An open (uncontrolled) clinical trial involving 50 women (43 of whom completed the study) with late luteal phase dysphoric disorder (Diagnostic and Statistical Manual for Mental Disorders) assessed the effect of an ethanol fruit extract on the management of premenstrual syndrome. Thirteen of the subjects were concurrently taking oral contraceptives. After 2 months of baseline observation, one tablet of the extract was administered daily for three cycles, followed by a post-treatment phase lasting three cycles. Treatment effectiveness was evaluated using both the Menstrual
Distress Questionnaire and the visual analogue scale. The Menstrual Distress Questionnaire was filled out by patients at the end of the first cycle and again during cycles 3 and 6. The visual analogue scale was completed twice per cycle, once in the late luteal phase when symptoms peaked and once after menstruation during the follicular phase. By the end of the third cycle, the Menstrual Distress Questionnaire scores were reduced by 42.5% (p < 0.001), with a 50% reduction in the score in 20/43 patients. By the end of the post-treatment period, the scores remained approximately 20% below baseline (p < 0.001). The main improvements following treatment were reported for symptoms of breast tenderness, behavioural changes, negative feelings and oedema. The average late-luteal phase visual analogue scale score was reduced by 47.2% during the 3-month treatment phase (p < 0.01), and remained at 21.7% below baseline (p < 0.001) during the post-treatment phase. By contrast, the follicular phase score did not significantly change. The number of days with premenstrual syndrome symptoms was slightly reduced from 7.5 to 6 days, and the concomitant use of oral contraceptives had no significant effect on any of the parameters investigated. Twenty patients (47%) reported 37 adverse events during the treatment and post-treatment periods.
An open (uncontrolled) study involving 36 women with premenstrual syndrome assessed the effect of a 58% ethanol extract of the fruit for the management of premenstrual syndrome symptoms. The women were treated with 40 drops of the extract daily over three cycles and the outcomes  measured were a reduction in physical and psychological symptoms such as headache, swollen breasts, breast tenderness, bloating, fatigue and psychological changes such as increased appetite, sugar craving, nervousness and restlessness, anxiety, irritability, lack of concentration, depression, crying spells, mood changes and aggressiveness. The duration of the luteal phase was also determined. After 3 months of treatment, 69% of women had a reduction in physical symptoms and 80% showed a reduction in psychological symptoms (p < 0.05). The duration of the luteal phase was lengthened from 5.4 to 11.4 days. A randomized open (uncontrolled) trial assessed a tincture of the fruit (10 g tincture containing 2 g fruit in 53% ethanol) for the treatment of premenstrual syndrome. Women were treated with 30 drops twice daily in combination with vitamin E (400 mg daily). Treatment significantly reduced the symptoms of irritability or anxiety (p = 0.028), breast tenderness (p = 0.0001) and mastalgia (p = 0.015) (61). A randomized single-blind study compared the efficacy of fluoxetine, a selective serotonin reuptake inhibitor with that of the crude drug.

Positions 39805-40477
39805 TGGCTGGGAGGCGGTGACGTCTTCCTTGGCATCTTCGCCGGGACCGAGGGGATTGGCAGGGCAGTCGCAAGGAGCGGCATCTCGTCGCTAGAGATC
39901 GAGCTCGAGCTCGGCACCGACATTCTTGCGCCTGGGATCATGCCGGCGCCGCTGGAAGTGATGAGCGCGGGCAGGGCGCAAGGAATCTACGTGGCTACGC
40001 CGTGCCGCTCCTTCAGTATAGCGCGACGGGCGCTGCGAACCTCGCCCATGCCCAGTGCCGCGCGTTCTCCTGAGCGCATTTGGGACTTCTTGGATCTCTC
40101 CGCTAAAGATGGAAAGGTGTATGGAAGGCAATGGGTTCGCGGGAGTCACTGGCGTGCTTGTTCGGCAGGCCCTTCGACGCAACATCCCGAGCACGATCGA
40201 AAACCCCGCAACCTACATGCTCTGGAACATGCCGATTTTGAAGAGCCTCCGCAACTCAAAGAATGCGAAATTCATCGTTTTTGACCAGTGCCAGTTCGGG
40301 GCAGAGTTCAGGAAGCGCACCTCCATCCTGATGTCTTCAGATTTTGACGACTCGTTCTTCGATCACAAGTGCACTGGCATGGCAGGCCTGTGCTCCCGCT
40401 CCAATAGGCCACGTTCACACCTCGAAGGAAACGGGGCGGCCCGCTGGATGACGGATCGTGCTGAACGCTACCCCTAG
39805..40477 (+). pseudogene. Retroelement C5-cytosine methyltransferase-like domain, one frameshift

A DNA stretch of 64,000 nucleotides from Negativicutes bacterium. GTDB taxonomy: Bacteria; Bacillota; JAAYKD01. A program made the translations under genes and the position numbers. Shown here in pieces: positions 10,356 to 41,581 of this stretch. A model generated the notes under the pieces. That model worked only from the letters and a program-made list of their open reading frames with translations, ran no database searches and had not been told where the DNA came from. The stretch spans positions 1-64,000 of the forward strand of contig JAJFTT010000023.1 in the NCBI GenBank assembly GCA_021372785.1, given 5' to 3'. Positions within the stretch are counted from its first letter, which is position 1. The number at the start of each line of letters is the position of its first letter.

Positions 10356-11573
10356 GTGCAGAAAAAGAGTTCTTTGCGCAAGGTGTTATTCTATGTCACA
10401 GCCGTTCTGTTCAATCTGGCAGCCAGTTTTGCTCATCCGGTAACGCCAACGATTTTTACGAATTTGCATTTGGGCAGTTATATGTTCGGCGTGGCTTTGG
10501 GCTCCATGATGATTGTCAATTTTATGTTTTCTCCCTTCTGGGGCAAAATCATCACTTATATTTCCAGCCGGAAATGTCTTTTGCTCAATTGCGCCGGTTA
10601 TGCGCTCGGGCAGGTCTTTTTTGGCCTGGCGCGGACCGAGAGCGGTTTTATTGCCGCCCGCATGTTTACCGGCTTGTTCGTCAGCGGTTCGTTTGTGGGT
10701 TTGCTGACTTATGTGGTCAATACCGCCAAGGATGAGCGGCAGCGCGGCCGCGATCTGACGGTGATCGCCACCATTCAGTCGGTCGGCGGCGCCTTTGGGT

Forty-one patients with premenstrual dysphoric disorder according to the Diagnostic and Statistical Manual of Mental Disorders were randomly allocated to the group receiving fluoxetine or that receiving the extract for 2 months. The outcomes measured included the Penn daily symptom report, the Hamilton depression rating scale, and the clinical global impression severity of illness and improvement scales. After 2 months, 68.4% of patients had responded to fluoxetine and 57.9% to the crude drug extract.
There was no statistically significant difference between the groups in the rate of responders. However, fluoxetine was more effective in alleviating the psychological symptoms, while the extract reduced the physical symptoms.

Effects on lactation

Only one randomized, double-blind controlled trial examined the effect of the fruit in lactating women. Women were treated with the fruit extract (15 drops three times daily) or vitamin B1 (no dose stated) or assigned to the control group (details not stated). Lactation in all groups increased up to day 10 postpartum; from days 10–20 a decrease in lactation was observed in women in the control and vitamin B1 treated groups.
Lactation in women in the group treated with the fruit extract increased or was maintained up to day 20. Lactating women with poor milk production treated with a fruit extract were able to effectively increase production.
No statistical analyses were performed.

Adverse reactions

Adverse reactions have been reported in some clinical trials. A review of 30 studies involving 11 506 subjects reported a total of 246 adverse events, thus representing an adverse reaction rate of approximately 2%. The major reactions reported included acne, changes to the menstrual cycle, dizziness, gastrointestinal distress, increased menstrual flow, nausea, skin reactions, urticaria and weight gain. Minor adverse events include fatigue, hair loss, increased intraocular pressure, palpitations, polyurea, sweating and vaginitis.

Contraindications

Fructus Agni Casti should not be used during pregnancy.

Warnings

No information available.

News and Journals